Overcoming Multi-Op Road Blocks

Elite Entertainment

I’ve been writing articles for The Disc Jockey News for years now and every once in a while I’ll get an email with a response.  A question or a comment.  When Stacy asked me to start contributing to this site she told me that readers could leave comments right under my articles.  This seemed more immediate than the occasional email so my response was pretty positive.  Careful what you wish for.

When I saw I had my very first comment to my very first article I was pretty excited.  Let’s see what a new, online reader had to say:

I’ve been training people and passively working towards going multi-op for years. I’ve worked with many employees but never found anyone that I felt I could trust with my own professional image, which is what you’re doing when you hire someone else to represent your business for you at an event. To employees, this will never be any more than “just a job.” They aren’t significantly affected by the long-term success of my business. To me, my business is far more important than it can ever be to an employee, and that’s why I’m still single-op.

I can’t say I was shocked by this response.  I’ve heard it before.  Many times in fact.  It’s one of the standard three or four road blocks that single-ops will throw up explaining why they have chosen not to grow.  So in truth, this isn’t the first time I’ve refuted this one.  Just the first time I’ve had the chance to do so in written form.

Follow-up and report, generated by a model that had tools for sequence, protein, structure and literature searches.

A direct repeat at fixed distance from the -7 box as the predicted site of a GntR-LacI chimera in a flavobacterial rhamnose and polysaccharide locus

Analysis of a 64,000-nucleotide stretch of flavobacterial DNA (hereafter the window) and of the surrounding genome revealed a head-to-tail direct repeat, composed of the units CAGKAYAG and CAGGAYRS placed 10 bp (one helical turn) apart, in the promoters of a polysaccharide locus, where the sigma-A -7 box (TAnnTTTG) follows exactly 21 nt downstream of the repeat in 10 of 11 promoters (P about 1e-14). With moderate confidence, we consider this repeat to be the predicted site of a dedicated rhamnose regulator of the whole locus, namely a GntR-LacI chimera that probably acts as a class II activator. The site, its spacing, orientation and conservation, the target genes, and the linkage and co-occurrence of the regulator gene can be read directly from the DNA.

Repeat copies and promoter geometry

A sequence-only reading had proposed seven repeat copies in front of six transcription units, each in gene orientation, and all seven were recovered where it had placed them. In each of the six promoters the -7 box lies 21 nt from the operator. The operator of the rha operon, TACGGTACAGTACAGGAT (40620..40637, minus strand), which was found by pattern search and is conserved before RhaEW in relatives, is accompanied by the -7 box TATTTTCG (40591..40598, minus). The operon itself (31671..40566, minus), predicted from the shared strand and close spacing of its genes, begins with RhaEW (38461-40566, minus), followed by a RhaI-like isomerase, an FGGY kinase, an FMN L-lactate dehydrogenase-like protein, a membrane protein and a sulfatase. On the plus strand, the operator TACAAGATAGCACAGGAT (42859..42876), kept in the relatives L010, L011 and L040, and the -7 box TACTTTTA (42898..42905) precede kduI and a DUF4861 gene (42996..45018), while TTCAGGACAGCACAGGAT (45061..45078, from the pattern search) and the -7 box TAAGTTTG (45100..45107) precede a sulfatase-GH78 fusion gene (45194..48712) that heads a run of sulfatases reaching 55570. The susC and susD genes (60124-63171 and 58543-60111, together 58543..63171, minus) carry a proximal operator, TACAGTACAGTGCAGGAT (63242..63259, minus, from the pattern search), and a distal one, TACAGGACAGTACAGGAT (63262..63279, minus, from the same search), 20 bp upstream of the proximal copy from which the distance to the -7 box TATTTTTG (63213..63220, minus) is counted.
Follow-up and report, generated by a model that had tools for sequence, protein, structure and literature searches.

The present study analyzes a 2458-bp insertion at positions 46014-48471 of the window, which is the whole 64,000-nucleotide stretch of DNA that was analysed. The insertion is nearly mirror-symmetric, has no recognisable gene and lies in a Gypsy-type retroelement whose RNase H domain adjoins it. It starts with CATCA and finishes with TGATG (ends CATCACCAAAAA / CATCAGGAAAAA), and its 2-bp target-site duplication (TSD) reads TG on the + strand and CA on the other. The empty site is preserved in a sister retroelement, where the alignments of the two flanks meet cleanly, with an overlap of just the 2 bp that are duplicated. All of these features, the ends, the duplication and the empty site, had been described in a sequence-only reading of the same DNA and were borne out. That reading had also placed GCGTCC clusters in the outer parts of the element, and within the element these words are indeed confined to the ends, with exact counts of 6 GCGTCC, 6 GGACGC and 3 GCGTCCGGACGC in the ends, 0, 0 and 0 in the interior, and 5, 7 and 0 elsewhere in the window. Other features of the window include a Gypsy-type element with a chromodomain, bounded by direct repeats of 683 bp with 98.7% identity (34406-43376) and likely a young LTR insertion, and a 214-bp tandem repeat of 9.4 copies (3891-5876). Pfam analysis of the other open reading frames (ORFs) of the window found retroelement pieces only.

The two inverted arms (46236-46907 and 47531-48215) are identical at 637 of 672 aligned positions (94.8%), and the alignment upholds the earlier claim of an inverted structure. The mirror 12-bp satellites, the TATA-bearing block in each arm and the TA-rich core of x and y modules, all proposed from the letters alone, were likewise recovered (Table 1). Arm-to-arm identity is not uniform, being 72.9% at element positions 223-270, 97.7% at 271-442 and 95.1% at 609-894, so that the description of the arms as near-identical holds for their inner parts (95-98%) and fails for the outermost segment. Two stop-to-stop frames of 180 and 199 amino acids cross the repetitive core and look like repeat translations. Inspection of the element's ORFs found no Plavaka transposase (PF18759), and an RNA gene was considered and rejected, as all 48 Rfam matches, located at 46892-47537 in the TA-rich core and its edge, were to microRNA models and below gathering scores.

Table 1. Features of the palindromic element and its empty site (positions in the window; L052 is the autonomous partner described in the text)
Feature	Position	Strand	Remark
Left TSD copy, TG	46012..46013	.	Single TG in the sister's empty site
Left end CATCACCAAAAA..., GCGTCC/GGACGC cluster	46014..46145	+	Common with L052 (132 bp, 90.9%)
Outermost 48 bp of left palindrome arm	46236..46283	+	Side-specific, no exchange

First, I totally agree with you that an employee must represent your “professional image.”  It’s one of the main reasons I try to find talent that has no experience in the DJ business, so I can teach them my way and in my image.

But I completely disagree that to an employee “this will never be any more than “just a job.”  And I’d also dispute your other assertion: “They aren’t significantly affected by the long-term success of my business.”

Every one of my employees treats this business very seriously.  They know you can’t call in sick on this job and that you can’t have a bad day on this job.  And they understand that the better Elite does, the better they do.  The stronger our reputation, the more gigs they’ll get.

And they know and understand this because I’ve done two things:

  1. I’ve found people that have personal pride in what they do and strive to be great.
  2. I’ve instilled in them how important this job is.

So I would urge you to be more accepting and open to the idea of growth (if you really want it.)  Many Multi-Ops (who BTW care just as passionately about their businesses as you do) have grown their businesses the right way.

We look for talented people who really care about what they do, and then we train them thoroughly.  Not just what to say and what music to play, but we teach them how essential it is to take this job very seriously.  You use the word “passively” in your response (when you talk about how you’ve gone about training and possibly growing.)  I would argue that nothing about your business should be done passively.  Either do it 100% or don’t do it at all.